Saving for a home a lengthy effort

Saving for a home a lengthy effort

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But condos ‘excellent option’ for first-time, solo buyers

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When my parents bought their first home in Agincourt in 1960, it cost less than two times my father’s annual salary, which was the norm rather than the exception. Their grandchildren, however, wonder when they’ll have a down payment large enough to achieve what was once a basic life step.

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That’s especially true for those who’ve set their sights on one of Ontario’s eight major cities, where the benchmark home costs more than $1 million.

Point2 Homes, an international real estate search portal, has crunched the numbers to find out just how much time buyers need to save for a home and whether single buyers stand a chance to save up as quickly as couples in this province.

“In order to get an affordable mortgage – meaning one that wouldn’t eat up more than 30 per cent of their income – buyers would have to cover what the loan doesn’t, which could represent much more than the traditional 20 per cent that everyone expects,” says Andra Hopulele, author of the study (https://www.point2homes.com/news/canada-real-estate/singles-couples-saving-for-home.html).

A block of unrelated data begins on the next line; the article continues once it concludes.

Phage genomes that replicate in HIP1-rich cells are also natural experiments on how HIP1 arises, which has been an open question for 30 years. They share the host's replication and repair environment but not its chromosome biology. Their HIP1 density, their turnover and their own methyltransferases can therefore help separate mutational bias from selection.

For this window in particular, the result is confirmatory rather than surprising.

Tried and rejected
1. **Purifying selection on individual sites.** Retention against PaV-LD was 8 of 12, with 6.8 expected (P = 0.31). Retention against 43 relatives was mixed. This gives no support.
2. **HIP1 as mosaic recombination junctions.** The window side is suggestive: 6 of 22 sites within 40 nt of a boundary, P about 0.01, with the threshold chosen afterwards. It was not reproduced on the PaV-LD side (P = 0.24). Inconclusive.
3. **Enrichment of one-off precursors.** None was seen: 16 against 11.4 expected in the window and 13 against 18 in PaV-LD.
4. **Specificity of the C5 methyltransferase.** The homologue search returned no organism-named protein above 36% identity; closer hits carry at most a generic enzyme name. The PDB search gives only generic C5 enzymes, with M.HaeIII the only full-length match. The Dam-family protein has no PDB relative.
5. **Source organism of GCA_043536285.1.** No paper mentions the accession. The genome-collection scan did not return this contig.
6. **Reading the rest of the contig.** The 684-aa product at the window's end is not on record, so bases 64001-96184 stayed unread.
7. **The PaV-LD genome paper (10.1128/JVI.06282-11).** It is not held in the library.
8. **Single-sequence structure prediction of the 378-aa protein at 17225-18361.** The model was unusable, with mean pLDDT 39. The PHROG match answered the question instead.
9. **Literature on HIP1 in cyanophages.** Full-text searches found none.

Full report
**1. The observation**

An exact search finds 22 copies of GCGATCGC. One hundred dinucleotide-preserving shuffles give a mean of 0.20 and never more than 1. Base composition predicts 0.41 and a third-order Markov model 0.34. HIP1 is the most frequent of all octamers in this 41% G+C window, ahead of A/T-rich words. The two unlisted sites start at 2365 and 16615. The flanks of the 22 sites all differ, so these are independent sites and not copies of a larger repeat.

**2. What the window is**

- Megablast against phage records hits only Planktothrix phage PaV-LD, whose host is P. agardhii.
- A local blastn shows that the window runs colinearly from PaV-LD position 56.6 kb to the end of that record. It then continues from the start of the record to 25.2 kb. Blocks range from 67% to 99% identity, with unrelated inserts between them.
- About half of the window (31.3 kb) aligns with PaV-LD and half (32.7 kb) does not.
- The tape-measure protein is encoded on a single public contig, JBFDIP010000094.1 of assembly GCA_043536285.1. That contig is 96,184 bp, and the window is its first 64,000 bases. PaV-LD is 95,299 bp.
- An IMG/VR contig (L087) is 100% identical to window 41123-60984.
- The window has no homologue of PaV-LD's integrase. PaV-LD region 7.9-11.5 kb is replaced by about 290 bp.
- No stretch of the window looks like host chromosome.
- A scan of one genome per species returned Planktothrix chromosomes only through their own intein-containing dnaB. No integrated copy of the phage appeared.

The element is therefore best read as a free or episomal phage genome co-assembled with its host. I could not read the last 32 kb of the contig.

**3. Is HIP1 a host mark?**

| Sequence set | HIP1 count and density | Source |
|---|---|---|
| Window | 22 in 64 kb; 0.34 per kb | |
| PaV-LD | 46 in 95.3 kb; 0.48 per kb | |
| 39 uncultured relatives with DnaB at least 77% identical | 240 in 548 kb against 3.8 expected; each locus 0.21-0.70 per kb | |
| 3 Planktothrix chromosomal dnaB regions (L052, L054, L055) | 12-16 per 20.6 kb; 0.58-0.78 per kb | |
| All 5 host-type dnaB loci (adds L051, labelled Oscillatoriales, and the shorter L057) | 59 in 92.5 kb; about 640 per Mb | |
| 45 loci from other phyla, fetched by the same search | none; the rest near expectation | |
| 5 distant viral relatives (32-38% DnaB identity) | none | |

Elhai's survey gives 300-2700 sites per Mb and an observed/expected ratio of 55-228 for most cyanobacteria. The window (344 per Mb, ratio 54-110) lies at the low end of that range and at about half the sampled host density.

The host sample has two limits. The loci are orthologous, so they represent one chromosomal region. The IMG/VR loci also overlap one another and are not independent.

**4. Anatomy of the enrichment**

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“Whether they’re single or a couple, covering the difference between the home price and the mortgage is an incredible financial effort. And based on the 50/30/20 rule where 20 per cent of the income should go toward savings, it’s a lengthy one, as well. It would take years upon long years to save enough to buy a home, so home seekers could rightfully start feeling like homeownership is not an attainable goal.”

In Ontario, single homebuyers face the toughest journey, requiring up to 75 years to save the necessary amount in the largest cities analyzed. Couples fare a little better, but still need between 21 and 27 years to save enough in the province’s priciest markets: Vaughan, Markham and Richmond Hill.